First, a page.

To obtain a license, you must first complete a 4-year Doctor of Optometry (OD) degree program accredited by the Accreditation Council on Optometric Education (ACOE). These programs include classroom learning and supervised clinical experience. Learn more about OD programs on the Association of Schools and Colleges of Optometry website. 

After graduating from an accredited optometry program, you must pass the national board exams administered by the National Board of Examiners in Optometry (NBEO). These exams test your knowledge on topics like optics, biomedical sciences, vision science, and more.

You also need to pass a state board exam in the state(s) where you plan to practice. State board exams test your ability to practice safely and competently. Review licensing requirements by state on the Association of Regulatory Boards of Optometry (ARBO) website.

Maintaining an Optometry License 

Once licensed, optometrists must complete continuing education to keep their credentials current. Most states require optometrists to complete between 25 and 50 hours of continuing education over a 1-2-year period for license renewal.

Specialty Certifications

Optometrists can also pursue voluntary specialty certifications in areas like vision therapy, low vision rehabilitation, and ocular disease management. These demonstrate advanced expertise in certain optometry subfields. Learn more on the American Optometric Association website.

Becoming a licensed optometrist requires graduating from an accredited OD program, passing national and state board exams, and maintaining continuing education. Voluntary specialty certifications are also available to demonstrate advanced expertise. Following state licensing requirements is essential for legally practicing as an optometrist.

Skills and Qualities of a Successful Optometrist

Becoming an optometrist requires dedication, compassion, and specialized skills. An optometrist must be able to provide excellent patient care while running an efficient practice. Though the road is long, rewarding careers await those willing to invest the time and effort.

Communication Skills

Effective communication is vital for optometrists. They must listen attentively to patients, understandably explain conditions and treatments, and describe often complex healthcare concepts to those with no medical background. Optometrists collaborate with ophthalmologists, technicians, and other healthcare professionals, so communicating clearly is essential.

Analytical Ability

Optometrists must analyze symptoms, test results, and examination findings to diagnose conditions and formulate treatment plans. They combine information from various sources to identify issues and make decisions. Strong analytical skills help optometrists provide accurate diagnoses and appropriate solutions.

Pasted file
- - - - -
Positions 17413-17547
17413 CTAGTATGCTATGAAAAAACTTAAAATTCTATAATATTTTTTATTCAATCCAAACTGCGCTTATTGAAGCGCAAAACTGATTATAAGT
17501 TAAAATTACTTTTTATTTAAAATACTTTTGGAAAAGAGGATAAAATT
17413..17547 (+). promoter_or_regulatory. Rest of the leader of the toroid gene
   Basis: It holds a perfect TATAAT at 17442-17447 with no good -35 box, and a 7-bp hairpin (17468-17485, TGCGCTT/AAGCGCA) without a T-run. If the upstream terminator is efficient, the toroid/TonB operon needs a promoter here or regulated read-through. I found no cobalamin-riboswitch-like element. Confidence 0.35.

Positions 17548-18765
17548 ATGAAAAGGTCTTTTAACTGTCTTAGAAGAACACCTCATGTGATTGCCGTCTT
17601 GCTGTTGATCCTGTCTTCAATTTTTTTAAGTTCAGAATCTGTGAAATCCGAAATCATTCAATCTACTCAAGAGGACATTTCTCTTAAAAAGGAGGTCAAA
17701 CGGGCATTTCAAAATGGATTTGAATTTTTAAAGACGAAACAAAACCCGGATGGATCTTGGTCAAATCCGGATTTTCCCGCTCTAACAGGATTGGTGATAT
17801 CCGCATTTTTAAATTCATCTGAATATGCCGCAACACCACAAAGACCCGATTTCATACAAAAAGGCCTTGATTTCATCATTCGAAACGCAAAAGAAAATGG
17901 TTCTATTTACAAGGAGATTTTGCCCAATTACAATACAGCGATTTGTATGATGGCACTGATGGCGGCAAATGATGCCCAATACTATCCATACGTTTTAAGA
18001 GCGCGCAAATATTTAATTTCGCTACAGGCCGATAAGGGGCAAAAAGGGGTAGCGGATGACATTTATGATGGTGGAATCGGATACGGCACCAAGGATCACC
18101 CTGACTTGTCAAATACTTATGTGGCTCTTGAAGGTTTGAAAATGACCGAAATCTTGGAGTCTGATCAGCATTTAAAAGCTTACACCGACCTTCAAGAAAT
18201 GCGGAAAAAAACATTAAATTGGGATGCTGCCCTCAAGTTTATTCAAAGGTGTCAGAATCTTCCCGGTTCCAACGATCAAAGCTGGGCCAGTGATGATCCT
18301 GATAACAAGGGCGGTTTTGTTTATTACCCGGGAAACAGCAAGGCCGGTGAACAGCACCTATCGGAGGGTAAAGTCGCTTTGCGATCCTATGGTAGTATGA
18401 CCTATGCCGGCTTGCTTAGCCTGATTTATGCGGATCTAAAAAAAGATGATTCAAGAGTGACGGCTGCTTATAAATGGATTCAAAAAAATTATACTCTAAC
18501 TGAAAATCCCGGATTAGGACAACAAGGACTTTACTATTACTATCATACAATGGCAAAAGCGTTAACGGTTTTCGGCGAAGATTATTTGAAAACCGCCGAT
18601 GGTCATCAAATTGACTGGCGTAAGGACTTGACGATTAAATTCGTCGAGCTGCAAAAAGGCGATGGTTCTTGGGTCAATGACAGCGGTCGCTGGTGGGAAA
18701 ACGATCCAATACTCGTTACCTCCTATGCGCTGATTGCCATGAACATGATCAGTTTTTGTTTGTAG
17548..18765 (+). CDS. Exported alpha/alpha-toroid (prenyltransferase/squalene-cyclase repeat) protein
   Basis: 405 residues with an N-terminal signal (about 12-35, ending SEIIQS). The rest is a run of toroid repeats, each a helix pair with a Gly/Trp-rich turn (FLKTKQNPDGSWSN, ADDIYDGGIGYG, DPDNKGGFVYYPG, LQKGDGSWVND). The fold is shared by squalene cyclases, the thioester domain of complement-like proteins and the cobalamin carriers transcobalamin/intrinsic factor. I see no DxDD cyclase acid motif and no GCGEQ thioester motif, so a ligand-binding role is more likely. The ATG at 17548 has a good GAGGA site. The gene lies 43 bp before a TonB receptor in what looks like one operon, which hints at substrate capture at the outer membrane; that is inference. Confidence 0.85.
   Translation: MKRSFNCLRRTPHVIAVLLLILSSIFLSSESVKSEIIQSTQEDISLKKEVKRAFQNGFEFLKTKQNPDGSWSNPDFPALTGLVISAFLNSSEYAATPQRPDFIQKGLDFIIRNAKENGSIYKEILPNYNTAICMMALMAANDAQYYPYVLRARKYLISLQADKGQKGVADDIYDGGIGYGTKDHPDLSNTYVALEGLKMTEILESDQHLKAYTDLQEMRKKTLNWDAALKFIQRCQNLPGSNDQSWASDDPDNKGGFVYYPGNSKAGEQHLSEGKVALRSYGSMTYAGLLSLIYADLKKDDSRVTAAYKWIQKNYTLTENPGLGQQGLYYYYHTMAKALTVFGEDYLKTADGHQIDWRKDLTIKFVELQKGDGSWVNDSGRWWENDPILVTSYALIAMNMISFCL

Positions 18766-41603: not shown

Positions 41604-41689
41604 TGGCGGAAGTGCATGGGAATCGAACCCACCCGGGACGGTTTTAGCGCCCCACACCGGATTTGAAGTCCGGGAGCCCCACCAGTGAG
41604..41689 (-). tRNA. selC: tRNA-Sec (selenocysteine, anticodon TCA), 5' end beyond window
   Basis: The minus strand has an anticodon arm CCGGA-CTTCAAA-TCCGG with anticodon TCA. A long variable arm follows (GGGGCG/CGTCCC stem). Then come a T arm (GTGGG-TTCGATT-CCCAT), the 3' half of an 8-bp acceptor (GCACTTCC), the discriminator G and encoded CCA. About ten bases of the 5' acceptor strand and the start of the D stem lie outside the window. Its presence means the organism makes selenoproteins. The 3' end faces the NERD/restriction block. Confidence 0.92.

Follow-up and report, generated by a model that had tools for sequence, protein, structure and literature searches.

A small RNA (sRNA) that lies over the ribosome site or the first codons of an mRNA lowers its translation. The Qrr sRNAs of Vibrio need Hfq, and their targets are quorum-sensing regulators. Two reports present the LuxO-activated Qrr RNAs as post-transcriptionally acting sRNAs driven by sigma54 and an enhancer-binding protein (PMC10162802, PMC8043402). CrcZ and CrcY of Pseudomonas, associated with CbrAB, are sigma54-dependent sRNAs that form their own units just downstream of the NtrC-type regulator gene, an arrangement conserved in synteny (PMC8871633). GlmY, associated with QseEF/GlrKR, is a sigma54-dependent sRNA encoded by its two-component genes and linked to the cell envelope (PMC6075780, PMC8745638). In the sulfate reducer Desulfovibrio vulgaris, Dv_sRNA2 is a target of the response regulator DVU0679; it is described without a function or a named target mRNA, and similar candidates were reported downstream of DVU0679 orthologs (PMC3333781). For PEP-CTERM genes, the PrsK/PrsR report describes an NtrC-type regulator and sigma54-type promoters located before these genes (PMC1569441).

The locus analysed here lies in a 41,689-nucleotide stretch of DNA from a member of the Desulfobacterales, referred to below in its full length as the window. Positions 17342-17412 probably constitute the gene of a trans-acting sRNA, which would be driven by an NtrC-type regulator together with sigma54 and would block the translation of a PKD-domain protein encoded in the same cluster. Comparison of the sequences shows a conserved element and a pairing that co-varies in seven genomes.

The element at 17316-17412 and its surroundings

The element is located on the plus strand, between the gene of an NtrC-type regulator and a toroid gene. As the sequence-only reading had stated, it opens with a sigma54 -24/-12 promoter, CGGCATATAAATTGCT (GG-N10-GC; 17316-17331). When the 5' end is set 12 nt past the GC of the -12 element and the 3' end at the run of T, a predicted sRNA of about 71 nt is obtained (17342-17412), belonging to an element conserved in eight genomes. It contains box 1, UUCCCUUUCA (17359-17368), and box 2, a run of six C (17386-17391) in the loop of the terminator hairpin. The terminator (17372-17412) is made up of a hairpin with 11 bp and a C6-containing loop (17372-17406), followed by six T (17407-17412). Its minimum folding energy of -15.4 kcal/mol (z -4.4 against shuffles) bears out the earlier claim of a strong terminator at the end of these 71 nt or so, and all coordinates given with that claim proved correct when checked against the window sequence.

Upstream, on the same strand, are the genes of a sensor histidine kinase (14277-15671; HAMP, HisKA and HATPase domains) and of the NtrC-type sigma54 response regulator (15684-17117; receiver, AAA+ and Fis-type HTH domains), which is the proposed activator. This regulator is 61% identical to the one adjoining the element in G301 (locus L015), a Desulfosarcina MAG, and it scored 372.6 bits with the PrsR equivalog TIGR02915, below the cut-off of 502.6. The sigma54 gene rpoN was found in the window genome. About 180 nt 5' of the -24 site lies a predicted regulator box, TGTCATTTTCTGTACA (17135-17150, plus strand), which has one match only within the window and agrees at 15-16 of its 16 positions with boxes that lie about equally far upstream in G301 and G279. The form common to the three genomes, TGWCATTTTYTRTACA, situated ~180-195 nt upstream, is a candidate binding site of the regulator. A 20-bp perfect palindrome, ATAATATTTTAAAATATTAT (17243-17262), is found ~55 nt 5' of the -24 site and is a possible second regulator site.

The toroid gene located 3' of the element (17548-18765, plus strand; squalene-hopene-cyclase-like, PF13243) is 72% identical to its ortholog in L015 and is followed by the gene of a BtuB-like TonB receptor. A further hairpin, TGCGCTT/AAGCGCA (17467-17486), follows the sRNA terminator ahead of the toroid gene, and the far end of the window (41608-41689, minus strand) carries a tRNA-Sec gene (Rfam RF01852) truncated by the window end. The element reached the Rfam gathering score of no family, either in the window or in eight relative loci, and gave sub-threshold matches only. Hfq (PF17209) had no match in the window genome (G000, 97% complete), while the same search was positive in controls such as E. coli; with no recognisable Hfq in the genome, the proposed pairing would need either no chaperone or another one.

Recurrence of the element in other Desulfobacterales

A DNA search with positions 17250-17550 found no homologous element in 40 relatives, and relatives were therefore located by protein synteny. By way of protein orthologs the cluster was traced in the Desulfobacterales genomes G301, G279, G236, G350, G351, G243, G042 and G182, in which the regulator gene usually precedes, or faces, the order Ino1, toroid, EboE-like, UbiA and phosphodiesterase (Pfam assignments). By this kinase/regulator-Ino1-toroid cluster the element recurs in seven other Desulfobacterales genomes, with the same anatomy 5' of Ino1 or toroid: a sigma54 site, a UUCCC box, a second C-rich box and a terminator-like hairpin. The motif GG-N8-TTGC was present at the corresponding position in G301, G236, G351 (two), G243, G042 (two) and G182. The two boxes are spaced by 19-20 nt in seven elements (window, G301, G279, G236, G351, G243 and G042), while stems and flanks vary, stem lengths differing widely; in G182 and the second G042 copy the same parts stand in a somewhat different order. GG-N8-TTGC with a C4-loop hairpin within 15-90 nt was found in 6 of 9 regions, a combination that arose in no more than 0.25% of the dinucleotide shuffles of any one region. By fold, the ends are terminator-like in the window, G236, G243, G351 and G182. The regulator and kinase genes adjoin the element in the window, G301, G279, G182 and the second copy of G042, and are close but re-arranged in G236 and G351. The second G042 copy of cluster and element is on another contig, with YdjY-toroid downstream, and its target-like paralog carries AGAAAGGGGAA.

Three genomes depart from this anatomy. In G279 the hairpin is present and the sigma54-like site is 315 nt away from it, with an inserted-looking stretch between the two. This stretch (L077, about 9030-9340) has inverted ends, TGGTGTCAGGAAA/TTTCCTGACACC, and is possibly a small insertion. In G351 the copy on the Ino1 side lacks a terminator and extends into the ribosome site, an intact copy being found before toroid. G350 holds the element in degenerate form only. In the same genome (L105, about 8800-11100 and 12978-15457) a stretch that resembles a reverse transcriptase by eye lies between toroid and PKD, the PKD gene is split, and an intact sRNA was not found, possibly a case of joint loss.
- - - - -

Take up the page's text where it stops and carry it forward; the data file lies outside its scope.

Attention to Detail

Meticulous attention to detail is paramount in optometry. Doctors must detect subtle changes in patients’ eyes and vision. They rely on careful and precise work when examining the eyes, prescribing corrective lenses or treatments, and evaluating test results. Missing small details could lead to inappropriate solutions.

Technical Aptitude

Today‚ optometrists use specialized instruments and advanced technology, including ophthalmoscopes, slit lamps, and digital imaging systems. They must skillfully handle delicate equipment and aptly interpret results. An optometrist should feel comfortable learning and working with complex healthcare technology.


A sincere desire to help patients is what draws many to optometry. Excellent optometrists correct vision problems and counsel and support patients making difficult health decisions. They understand that vision loss can significantly impact their patient’s quality of life. Compassion is instrumental to providing exceptional eye care.

Business Savvy

Though optometry is first and foremost about providing eye care, running a profitable practice is essential. Successful optometrists have business acumen and understand concepts like billing processes, inventory management, marketing, and accounting principles. They make fiscally sound decisions that keep their practice operating smoothly.

Lifelong Learning

Optometry is a quickly evolving field with continuous technological advancements and treatment options. Exceptional optometrists never stop building their knowledge. They read optometry journals, attend conferences, take continuing education courses, and seek mentorships from experienced leaders. Committing to lifelong learning ensures they can provide the best possible care.

The road to becoming an optometrist demands dedication and perseverance, but helping patients achieve better vision and eye health makes the effort worthwhile. With a compassionate heart, strong interpersonal abilities, sharp analytical skills, and a commitment to expanding their knowledge, future optometry professionals can establish rewarding careers that brighten the world.

Optometrist Salary

Optometrists can expect strong compensation packages. According to the Bureau of Labor Statistics, the median annual salary for optometrists in the United States as of 2020 was $125,440. However, salaries can vary considerably based on factors like location, experience, and practice setting.